Polycythemia vera (PV) is a rare blood cancer where the bone marrow makes too many blood cells. Extra red blood cells make the blood thicker and increase the risk of a blood clot.

There’s no current cure for PV, but treatments can help prevent complications and address symptoms.

Your doctor will schedule regular tests and appointments to monitor your health. It’s important to regularly check in with your healthcare team so they know how you’re feeling.

Read on to find out more about how PV is managed, and how to know whether treatments are working.

PV tends to be found through routine blood work rather than experiencing symptoms. Many symptoms of PV have other causes, so they’re not always red flags on their own. Talk to your doctor if you notice any change in how you’re feeling.

If you do have symptoms, you may experience:

  • feeling fatigued or weak
  • headaches
  • dizziness
  • ringing in the ears (tinnitus)
  • reddened skin
  • vision problems, including blind spots or blurry vision
  • itchy skin, especially after a hot bath or shower
  • abdominal pain or a feeling of fullness (resulting from an enlarged spleen)
  • chest pain
  • joint pain or swelling

Excess blood cells in PV make blood thicker and more likely to clot. This may lead to a potentially deadly heart attack, stroke, or pulmonary embolism linked to deep vein thrombosis.

While PV isn’t curable, that doesn’t mean it can’t be effectively managed for a very long time. PV treatments aim to reduce symptoms and decrease the risk of complications related to blood clots by lowering the number of blood cells.

Your healthcare team will discuss the best treatments for your PV depending on your blood levels and symptoms.

Your doctor may prescribe medications to:

  • thin blood
  • prevent complications
  • manage symptoms

It’s important to take medications exactly as directed.

The following treatments are commonly used to treat PV:

  • Phlebotomy, or removing blood from the body, temporarily reduces the concentration of red blood cells and thins your blood.
  • Low-dose aspirin therapy helps thin your blood.
  • Anagrelide (Agrylin) reduces platelets in your blood, which lowers the risk of a clot.
  • Antihistamines treat itchy skin, a common PV symptom.
  • Myelosuppressive drugs like hydroxyurea reduce the amount of blood cells created in bone marrow.
  • Ruxolitinib (Jakafi) can help if your PV doesn’t respond to hydroxyurea, or if you have an intermediate or high risk for myelofibrosis.
  • Interferon alfa reduces the production of blood cells but is rarely prescribed, as it tends to cause more side effects than other treatments.
  • Light therapy using psoralen and ultraviolet light can help relieve itchiness linked to PV.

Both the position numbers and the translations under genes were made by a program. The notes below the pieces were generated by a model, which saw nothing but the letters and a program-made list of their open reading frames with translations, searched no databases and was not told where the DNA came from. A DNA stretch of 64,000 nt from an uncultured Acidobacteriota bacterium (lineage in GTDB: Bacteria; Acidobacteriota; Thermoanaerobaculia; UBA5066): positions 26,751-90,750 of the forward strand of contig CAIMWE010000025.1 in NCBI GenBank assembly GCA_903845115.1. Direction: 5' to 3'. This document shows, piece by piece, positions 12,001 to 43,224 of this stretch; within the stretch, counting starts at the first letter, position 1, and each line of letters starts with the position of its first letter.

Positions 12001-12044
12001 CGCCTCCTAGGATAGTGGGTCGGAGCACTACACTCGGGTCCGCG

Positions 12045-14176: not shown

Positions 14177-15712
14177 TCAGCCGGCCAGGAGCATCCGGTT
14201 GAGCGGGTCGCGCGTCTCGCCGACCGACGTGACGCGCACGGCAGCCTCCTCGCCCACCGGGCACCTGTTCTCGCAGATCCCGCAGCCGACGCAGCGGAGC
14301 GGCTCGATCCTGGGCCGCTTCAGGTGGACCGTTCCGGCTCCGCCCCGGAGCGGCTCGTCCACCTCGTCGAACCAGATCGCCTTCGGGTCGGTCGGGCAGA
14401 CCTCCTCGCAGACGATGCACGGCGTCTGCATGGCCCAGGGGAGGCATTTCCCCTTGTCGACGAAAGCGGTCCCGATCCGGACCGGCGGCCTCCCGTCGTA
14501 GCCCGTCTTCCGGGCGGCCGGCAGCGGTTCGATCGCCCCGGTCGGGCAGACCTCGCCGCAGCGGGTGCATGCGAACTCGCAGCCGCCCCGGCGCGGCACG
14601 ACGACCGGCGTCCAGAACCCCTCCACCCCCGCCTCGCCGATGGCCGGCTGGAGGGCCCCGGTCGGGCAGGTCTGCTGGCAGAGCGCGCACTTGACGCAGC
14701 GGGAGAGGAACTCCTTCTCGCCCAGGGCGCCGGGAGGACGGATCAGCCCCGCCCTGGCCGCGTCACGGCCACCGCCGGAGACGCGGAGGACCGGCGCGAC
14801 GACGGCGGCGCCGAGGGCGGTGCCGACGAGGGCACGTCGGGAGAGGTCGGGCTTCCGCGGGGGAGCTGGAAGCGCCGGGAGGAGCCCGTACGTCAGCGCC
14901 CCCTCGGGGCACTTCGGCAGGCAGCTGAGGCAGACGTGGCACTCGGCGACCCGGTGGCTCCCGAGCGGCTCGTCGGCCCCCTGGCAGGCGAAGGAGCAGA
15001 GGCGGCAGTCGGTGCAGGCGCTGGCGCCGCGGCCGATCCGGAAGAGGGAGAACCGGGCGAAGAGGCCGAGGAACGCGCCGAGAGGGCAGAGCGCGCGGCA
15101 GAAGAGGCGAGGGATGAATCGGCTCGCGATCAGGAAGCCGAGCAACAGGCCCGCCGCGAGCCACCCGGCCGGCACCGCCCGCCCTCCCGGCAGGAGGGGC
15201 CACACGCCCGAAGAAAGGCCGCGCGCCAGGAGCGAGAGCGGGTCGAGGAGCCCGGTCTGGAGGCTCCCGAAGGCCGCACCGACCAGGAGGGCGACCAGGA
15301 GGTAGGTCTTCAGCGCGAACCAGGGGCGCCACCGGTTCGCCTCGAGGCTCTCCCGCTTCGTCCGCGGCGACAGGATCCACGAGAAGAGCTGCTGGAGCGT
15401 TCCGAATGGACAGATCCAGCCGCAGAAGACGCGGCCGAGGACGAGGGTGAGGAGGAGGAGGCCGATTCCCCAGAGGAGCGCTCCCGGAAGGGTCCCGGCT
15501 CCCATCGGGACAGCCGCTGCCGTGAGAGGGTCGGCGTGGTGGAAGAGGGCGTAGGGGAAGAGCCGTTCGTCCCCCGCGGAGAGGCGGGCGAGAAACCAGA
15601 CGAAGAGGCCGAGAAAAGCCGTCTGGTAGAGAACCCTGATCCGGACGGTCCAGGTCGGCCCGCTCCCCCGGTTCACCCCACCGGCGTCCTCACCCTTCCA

• Bone marrow transplants are sometimes used to reduce the number of blood cells in the bone marrow.

Q: When should you not “wait and watch” with polycythemia vera?


A: People with PV could experience serious complications from their disease, such as blood clots or bleeding.

You should be started on phlebotomy if your hematocrit — the percentage of red blood cells in your total blood volume — is consistently greater than 45% to reduce the risk of blood clots or other symptoms such as itching or headaches.

Treatment for PV is based on the risk stage, which is determined by three factors: age (older or younger than 60), history of blood clots, and the absence or presence of a JAK2 mutation in the blood or bone marrow.

If you’re at very low risk (no history of clots, younger than 60, and no JAK2 mutation), you can be observed if your hematocrit is consistently less than 45%. If you also have cardiovascular risk factors, then daily aspirin should be considered.

If you’re at low risk (no history of thrombosis, younger than 60, but with a JAK2 mutation), then you should at least be on daily aspirin. If you have cardiovascular risk factors, then aspirin twice per day is more beneficial.

If you’re at intermediate risk (older than 60, no history of thrombosis, and no JAK2 mutation), you should be started on a medication called hydroxyurea.

If you’re considered at high risk (history of blood clots, over the age of 60, and with a JAK2 mutation), you should be on hydroxyurea and possibly a blood thinner, given the previous history of blood clots.

A “wait and watch” approach for PV is suitable for people who are younger, without a history of clots or JAK2 mutation, and with hematocrit less than 45%.

Sheel Patel, MDAnswers represent the opinions of our medical experts. All content is strictly informational and should not be considered medical advice.
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PV is a chronic disease that can be successfully managed for many years. Working closely with your healthcare team ensures they’re aware of any changes in your health so they can adjust your treatment plan as needed.

Managing PV requires routine visits with a cancer specialist (oncologist) and a blood doctor (hematologist). These doctors will regularly monitor your blood cell levels to guide treatment decisions.

Be sure to let your healthcare providers know if you experience any new symptoms, such as abdominal pain or joint swelling.

Your current treatments may not be working if they don’t address symptoms, or if blood work shows abnormal levels of blood cells.

In this case, your doctor may adjust your PV treatment plan. This may involve changing the dose of your medications or trying a new treatment.

Polycythemia vera (PV) is a type of blood cancer that can thicken blood and increase the risk of clots. Careful monitoring and management can reduce symptoms and the risk of complications.

Management for PV includes regular blood work, and may include medications and phlebotomy. Keep in touch with your healthcare team and follow your treatment plan to feel your best.